What Is Fluoroscopy?
- Fluoroscopy is an imaging technique that takes real time (live) moving images of a patient’s internal structures using X-rays (radiation). Similar to a video.
- The fluoroscope is a flat table with a camera that pulls over the patient and creates a tunnel.
What Will Happen during Fluoroscopy?
- The radiologist or technologist will move the camera up and down to see the area being examined.
- The images will show on a screen. The room lights are dimmed to allow the images to be seen with more detail.
- During the test, the patient may hear some noises from the machine.
- Parents are welcome in the room, but siblings under 18 years of age cannot be in the room during imaging.
- You are encouraged to stay with your child during the test. Children are often more cooperative and less apprehensive when a loved one is with them. It is helpful to have another caregiver watch the child's siblings so you can be with your child.
- If you are pregnant, you may want to wait outside the room during the pictures because of the risks to your unborn baby.
What Is Intussusception?
It is a condition in which the intestine has telescoped within another segment of intestine. It is a bit like getting a sock turned inside itself.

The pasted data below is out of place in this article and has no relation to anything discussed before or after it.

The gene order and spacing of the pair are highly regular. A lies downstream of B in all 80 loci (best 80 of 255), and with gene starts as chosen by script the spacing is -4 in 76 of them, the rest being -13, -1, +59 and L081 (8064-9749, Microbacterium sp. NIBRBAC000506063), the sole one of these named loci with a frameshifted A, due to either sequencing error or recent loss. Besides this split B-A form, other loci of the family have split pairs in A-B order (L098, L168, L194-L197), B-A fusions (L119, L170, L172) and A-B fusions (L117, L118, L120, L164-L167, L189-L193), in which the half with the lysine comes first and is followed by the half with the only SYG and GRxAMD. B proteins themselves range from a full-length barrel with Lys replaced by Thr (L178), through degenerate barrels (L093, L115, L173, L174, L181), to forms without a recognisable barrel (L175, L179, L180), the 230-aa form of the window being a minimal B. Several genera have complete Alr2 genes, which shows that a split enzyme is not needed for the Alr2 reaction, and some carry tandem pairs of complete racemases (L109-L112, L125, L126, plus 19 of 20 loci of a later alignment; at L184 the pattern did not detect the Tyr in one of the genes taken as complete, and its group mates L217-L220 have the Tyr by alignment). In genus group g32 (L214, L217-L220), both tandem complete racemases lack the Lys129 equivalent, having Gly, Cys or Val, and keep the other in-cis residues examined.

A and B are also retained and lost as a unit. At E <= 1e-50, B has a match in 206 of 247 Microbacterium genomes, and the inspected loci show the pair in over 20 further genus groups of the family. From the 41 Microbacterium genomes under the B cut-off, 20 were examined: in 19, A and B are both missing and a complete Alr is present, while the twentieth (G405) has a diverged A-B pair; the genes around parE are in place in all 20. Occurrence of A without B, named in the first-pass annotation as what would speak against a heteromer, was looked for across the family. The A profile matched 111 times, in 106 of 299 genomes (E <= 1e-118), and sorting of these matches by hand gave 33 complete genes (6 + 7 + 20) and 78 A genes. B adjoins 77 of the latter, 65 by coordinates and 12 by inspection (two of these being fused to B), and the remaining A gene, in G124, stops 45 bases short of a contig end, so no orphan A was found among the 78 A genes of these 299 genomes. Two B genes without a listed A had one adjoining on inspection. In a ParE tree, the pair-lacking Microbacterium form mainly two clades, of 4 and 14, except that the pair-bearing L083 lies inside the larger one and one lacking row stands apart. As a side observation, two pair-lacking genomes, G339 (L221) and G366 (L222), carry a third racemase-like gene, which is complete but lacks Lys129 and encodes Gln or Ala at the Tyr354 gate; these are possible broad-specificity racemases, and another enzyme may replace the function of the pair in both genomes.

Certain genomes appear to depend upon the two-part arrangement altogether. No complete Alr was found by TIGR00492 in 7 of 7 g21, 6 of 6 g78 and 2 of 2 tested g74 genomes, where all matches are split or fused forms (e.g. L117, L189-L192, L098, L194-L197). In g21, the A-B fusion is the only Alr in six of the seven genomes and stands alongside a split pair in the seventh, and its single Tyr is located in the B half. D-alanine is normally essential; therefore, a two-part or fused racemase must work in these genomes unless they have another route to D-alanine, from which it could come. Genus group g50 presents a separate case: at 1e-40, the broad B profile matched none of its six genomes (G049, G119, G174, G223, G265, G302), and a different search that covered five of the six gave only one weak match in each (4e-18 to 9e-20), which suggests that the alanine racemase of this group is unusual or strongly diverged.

What to Expect
- An IV will be needed for the study. This allows for quick access should your child need fluids.
- A consult with surgery will take place prior to starting the exam. This will review the procedure and next steps should air pressure during the enema not reduce the telescoped portion of bowel.
- If the radiologist feels the air enema will not reduce the intussusception, they may consult with surgery about the need to send the child for an operation to manually reduce the intussusception using general anesthesia.
- A consent form will be given, reviewed and signed prior to starting the exam.
During the Study
- A small, soft tube is inserted into the rectum. The technologist will tape and hold this tube in place snuggly to minimize leakage of air during the procedure.
- The radiologist will pump air into the colon through the tube to attempt to use air pressure to push the bowel back to its normal length.
- The radiologist will continuously monitor your child’s bowel using the fluoroscope.
- The procedure can become uncomfortable and cause some distress due to pressure in the belly. This usually stops as soon as the procedure is ended and the pressure drops.
- There may be marks on your child’s buttocks left at the end of the procedure from where we squeezed or taped them together to keep the tube in the correct place and stop air leaks.
- Sometimes, the air enema does not reduce the telescoped portion of bowel on the first try. It is common for the radiologist to give your child a break and then try again in an hour.
- Even if the enema works there is a chance that an intussusception can reoccur. Your child will continue to be monitored for a period of time after the procedure in the emergency department or on the inpatient floor.
What to Expect after the Test?
- You will return to the emergency department or your child's room when all of the X-ray pictures are complete.
- You will receive results from the physician who ordered the test.